To protect yourself from becoming a cybercrime victim, you must understand, secure, and maintain your digital profile.

Your every click, share, send, and post creates a digital trail that cybercriminals can exploit. Limit public Wi-Fi use whenever possible and be familiar with and routinely check privacy settings to help protect your privacy and reduce cybercrimes.

Protect IT at work

Before you connect to any public wireless hotspot—airports, hotels, or cafés—be sure to confirm the name of the network and exact login procedures with appropriate staff to ensure that the network is legitimate. When possible, using your personal hotspot is often a safer alternative to free Wi-Fi. Watch this short fun video to learn more about why you need to be careful. If you do use an unsecured public Wi-Fi or access point, practice good Internet hygiene by avoiding sensitive activities—such as banking—that require passwords or credit cards. Only use sites that begin with “https://” when shopping or banking online. When possible, use a virtual private network (VPN) software to protect your internet traffic.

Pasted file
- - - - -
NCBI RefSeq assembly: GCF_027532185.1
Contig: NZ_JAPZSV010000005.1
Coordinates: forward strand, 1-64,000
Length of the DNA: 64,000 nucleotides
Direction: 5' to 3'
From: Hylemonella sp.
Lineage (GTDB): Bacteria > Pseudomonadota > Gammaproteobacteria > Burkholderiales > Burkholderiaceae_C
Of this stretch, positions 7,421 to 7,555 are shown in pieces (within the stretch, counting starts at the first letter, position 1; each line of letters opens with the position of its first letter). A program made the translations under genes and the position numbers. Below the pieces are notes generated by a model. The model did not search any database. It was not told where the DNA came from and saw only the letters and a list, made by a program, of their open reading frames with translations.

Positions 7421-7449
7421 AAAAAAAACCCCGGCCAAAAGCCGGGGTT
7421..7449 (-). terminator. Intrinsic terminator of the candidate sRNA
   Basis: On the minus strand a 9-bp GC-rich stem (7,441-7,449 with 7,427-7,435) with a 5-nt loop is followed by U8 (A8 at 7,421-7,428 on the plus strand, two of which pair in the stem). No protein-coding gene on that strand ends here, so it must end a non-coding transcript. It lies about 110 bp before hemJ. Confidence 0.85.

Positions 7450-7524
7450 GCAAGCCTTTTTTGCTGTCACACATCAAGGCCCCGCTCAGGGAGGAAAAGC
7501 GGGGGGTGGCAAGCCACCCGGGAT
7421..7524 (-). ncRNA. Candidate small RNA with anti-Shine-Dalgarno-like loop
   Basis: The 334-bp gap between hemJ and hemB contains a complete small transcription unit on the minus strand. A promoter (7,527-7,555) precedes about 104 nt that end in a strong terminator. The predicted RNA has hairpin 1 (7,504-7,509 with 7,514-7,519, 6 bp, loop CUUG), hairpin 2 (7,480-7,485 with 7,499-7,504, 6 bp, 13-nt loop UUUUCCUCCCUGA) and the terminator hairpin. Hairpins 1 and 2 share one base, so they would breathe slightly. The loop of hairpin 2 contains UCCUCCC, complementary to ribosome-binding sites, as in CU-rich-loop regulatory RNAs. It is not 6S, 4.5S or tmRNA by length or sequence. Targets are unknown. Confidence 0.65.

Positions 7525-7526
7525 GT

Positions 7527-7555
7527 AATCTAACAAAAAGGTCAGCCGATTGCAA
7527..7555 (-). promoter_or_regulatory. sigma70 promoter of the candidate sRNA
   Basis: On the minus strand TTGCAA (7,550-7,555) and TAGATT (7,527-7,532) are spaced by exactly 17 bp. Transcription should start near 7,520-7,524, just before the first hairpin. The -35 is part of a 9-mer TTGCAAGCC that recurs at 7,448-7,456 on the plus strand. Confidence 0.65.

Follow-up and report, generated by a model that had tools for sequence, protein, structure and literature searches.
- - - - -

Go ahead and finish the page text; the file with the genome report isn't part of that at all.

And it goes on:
To protect your company and client data, only share files using company accounts—not personal accounts—and use systems approved to meet your company’s security requirements.

Protect IT at home

Whether it’s your computer, smartphone, game device, or other connected devices, the best defense against viruses and malware is to update to the latest security software, web browser, and operating systems. Sign up for automatic updates if possible and protect your devices with antivirus software.

Most connected appliances, toys, and devices are supported by a mobile application. Your mobile device could be filled with suspicious apps running in the background or using default permissions you never realized you approved—gathering your personal information without your knowledge while also putting your identity and privacy at risk. Check your apps’ permissions and use the “rule of least privilege” to delete what you do not need or no longer use. Learn to just say “no” to access requests that do not make sense. Only download apps from trusted vendors and sources. Remember—just because something is on the mobile app store does not mean it is safe. You still need to research it.’s Digital Declutter Tips and Digital Declutter Checklist are good resources for tidying up your digital footprint.